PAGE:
Matching Items (3)
- All Subjects: Mindfulness
- Creators: Fong, Luis
- Creators: Harrell, Liz
- Creators: Pierce, Albert
- Member of: Doctor of Nursing Practice (DNP) Final Projects
- Status: Published
Stress is the direct source of some health issues and the precursors to many illnesses. The effects of stress are felt by the majority of the population and is usually undertreated or overlooked as a norm of life rather than a potential source of illness. Though everyone has different thresholds of stress, chronic or constant stress is debilitating for some and can manifest itself in limitless ways. For adults with substance use disorders (SUDs), research supports that mindfulness based interventions (MBIs) could be beneficial for stress management. The techniques incorporated in mindfulness based practices can decrease the baseline stress of its practitioners by increasing their awareness and mindfulness within daily life and during stressful situations.
This increase in awareness and mindfulness has shown numerous benefits that may be crucial in increasing the likelihood of sobriety for those with SUDs. Some of these benefits may include, improved stress management, improved mitigation of craving symptoms, reduced incidences of relapse, and a better quality of life. A 4-week self-help mindfulness pilot program was conducted twice within two separate residential substance recovery settings. The participant’s satisfaction and the internalization of mindfulness concepts were measured within the pre and post implementation of a self-help mindfulness class. In the pilot program, participants rated high satisfaction of the mindfulness class and showed increased levels of mindfulness through the use of the client satisfaction questionnaire (CSQ-8) and the five facets of mindfulness questionnaire (FFMQ-39).
Polypharmacy among psychiatric patients is a concerning trend. From 2007-2010, 58.2% of women and 41.8% of men reported taking five or more prescription drugs within the last 30 days (CDC, 2014). Negative outcomes include prescription drug abuse, side effects, interactions, treatment failure, patient dissatisfaction, and lack of treatment control. The associated practice challenges have led to the following PICOT question. In persons with mental health issues receiving care at an outpatient mental health clinic, does engaging in mindfulness practice versus no mindfulness practice change polypharmacy use over a 3-month period?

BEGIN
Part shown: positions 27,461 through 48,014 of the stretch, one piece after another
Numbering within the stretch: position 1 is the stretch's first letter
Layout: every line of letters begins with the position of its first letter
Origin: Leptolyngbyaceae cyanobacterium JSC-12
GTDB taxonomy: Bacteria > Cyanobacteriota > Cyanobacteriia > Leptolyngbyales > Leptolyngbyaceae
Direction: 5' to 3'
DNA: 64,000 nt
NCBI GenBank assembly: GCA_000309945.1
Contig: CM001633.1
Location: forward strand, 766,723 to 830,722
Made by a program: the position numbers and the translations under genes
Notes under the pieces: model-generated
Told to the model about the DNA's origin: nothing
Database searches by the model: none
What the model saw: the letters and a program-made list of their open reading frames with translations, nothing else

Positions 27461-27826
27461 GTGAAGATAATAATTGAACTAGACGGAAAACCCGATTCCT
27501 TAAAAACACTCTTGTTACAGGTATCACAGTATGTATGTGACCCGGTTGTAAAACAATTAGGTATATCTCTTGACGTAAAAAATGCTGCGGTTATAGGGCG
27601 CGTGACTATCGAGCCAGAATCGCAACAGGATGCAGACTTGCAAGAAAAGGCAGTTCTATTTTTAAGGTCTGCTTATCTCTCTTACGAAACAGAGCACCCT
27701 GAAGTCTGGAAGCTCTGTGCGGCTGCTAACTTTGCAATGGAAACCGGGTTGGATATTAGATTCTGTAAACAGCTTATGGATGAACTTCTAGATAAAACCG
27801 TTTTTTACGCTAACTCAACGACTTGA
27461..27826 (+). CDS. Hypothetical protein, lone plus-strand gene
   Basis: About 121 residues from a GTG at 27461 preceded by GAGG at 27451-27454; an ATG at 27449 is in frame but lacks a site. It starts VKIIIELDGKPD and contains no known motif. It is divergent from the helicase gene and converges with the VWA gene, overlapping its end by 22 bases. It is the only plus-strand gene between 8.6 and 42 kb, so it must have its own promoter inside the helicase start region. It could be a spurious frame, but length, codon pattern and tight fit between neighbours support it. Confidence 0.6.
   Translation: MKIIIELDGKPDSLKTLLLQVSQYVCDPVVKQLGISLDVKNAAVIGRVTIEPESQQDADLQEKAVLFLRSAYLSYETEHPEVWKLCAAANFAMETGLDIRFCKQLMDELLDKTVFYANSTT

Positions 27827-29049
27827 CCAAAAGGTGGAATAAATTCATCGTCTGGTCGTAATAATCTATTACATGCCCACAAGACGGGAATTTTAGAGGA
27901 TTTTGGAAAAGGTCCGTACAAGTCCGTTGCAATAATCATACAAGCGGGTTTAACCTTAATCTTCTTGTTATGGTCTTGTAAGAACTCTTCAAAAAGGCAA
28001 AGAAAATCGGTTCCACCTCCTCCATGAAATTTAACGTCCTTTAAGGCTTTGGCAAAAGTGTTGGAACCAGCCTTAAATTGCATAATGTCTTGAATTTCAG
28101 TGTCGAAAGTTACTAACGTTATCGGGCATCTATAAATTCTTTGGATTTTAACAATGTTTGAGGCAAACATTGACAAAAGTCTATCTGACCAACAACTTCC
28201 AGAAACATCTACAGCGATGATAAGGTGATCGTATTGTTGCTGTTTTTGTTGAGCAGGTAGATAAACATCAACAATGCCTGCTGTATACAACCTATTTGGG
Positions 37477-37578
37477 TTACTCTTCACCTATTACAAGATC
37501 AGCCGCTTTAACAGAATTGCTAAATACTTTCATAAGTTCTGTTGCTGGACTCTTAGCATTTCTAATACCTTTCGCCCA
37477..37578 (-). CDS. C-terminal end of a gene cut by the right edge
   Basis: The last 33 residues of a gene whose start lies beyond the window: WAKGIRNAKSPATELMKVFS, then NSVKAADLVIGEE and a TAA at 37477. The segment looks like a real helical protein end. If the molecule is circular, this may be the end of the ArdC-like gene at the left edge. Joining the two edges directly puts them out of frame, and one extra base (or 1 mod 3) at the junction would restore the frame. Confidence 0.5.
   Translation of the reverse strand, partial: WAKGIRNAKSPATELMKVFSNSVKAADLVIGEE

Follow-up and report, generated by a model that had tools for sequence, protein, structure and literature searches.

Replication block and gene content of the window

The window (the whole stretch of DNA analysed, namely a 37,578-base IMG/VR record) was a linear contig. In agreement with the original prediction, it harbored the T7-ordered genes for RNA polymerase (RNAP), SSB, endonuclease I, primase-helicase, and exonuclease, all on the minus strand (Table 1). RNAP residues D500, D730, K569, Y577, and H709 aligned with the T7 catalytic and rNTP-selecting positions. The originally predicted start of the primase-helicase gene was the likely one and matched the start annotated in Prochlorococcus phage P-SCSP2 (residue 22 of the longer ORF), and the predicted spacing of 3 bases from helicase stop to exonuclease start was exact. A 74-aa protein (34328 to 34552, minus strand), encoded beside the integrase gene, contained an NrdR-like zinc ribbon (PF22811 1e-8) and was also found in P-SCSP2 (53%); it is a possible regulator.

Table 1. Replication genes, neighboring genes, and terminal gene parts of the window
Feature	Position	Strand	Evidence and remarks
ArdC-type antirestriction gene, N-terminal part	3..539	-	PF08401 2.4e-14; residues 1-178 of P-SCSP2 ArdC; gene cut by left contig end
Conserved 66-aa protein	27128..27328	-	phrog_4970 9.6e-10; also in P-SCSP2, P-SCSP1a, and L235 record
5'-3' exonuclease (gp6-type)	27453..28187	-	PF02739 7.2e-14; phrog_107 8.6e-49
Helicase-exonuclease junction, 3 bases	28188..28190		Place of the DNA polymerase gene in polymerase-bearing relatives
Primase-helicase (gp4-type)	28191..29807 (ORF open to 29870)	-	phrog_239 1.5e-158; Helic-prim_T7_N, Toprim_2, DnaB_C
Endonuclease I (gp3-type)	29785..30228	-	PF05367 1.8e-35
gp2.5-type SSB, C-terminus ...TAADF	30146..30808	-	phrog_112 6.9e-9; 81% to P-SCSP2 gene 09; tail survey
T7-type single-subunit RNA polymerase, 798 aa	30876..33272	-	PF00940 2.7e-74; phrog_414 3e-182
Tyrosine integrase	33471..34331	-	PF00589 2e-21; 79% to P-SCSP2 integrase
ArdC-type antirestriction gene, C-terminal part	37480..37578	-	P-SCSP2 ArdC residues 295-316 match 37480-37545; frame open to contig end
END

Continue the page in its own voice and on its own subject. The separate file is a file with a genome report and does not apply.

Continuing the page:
The project purpose was to evaluate the effectiveness of Insight Timer mobile mindfulness app at helping patients self-manage distressing symptoms and reduce polypharmacy. Over three weeks, mental health clinic nurse practitioners (NPs) voluntarily recruited patients (n=12) over age 18 using as needed prescriptions (PRNs), and agreed to use Insight Timer mobile mindfulness app for adjunct symptom management. Consenting participants downloaded the mobile app, and completed a brief questionnaire measuring PRN use at the start of app use, and PRN use at their next visit. A Wilcoxon signed-rank test indicated a 10-week mindfulness app trial did not significantly lower total PRN doses compared with pre-app dosing (Z = -.534, p = .593). Paired t-tests revealed no significant change in pre (M = 65.17, SD = 28.64) versus post (M = 67.75, SD = 20.22) OQ45 life functionality results (t(11) = -.420, p = .683) (d = .121) as a result of app use.
Clinically relevant results illustrated 83.33% of participants taking greater than nine PRN doses over the study period used the app six times or more in place of medication. High PRN users employed the app frequently in place of medication regardless of total PRN doses taken. Practice implications and sustainability recommendations include incorporating mobile app use in treatment plans for high PRN users and educating NP’s on the tangible benefits of mindfulness apps in reducing polypharmacy and easing symptom distress on an ongoing basis.
Keywords: mindfulness, mhealth, mobile apps, mobile smart phone, online, RCT, behavior change, polypharmacy.
Depression and anxiety are common and debilitating illnesses that negatively impact personal well-being and functioning. The effects of depression and anxiety not only affect the individual, but also peers, family, the community, economy, and even the health care system. Pharmacological therapy is a first line treatment for depression and anxiety, but the risk for relapse remains. Cognitive behavioral therapy (CBT) and mindfulness-based cognitive therapy (MBCT) are treatments that have demonstrated effectiveness in treating depression. The evidence suggests that both therapies are successful in terms of reducing depressive symptoms, but most effective when combined. Further, evidence shows that the combination of MBCT and traditional pharmacological therapy provides relief from depressive symptoms and lengthens the amount of time between recurrent episodes and improves the quality of life. A project was implemented at an integrated health clinic to evaluate the effectiveness of a mindfulness-based intervention to reduce the symptoms of depression and anxiety. The results revealed that practicing mindfulness was statistically and clinically significant in reducing depression and anxiety. In addition, mindfulness scores increased over 30 day application of the intervention. The results demonstrated the value of utilizing mindfulness as a cost-effective therapy in addition to pharmacological treatment to decrease symptoms of depression and anxiety, as well as improve mindfulness. The ease of use demonstrated the value of mindfulness and self-directed skills aimed at improving wellness, reducing depression and anxiety which will result in the improvement of individual, economic, healthcare system, and community health.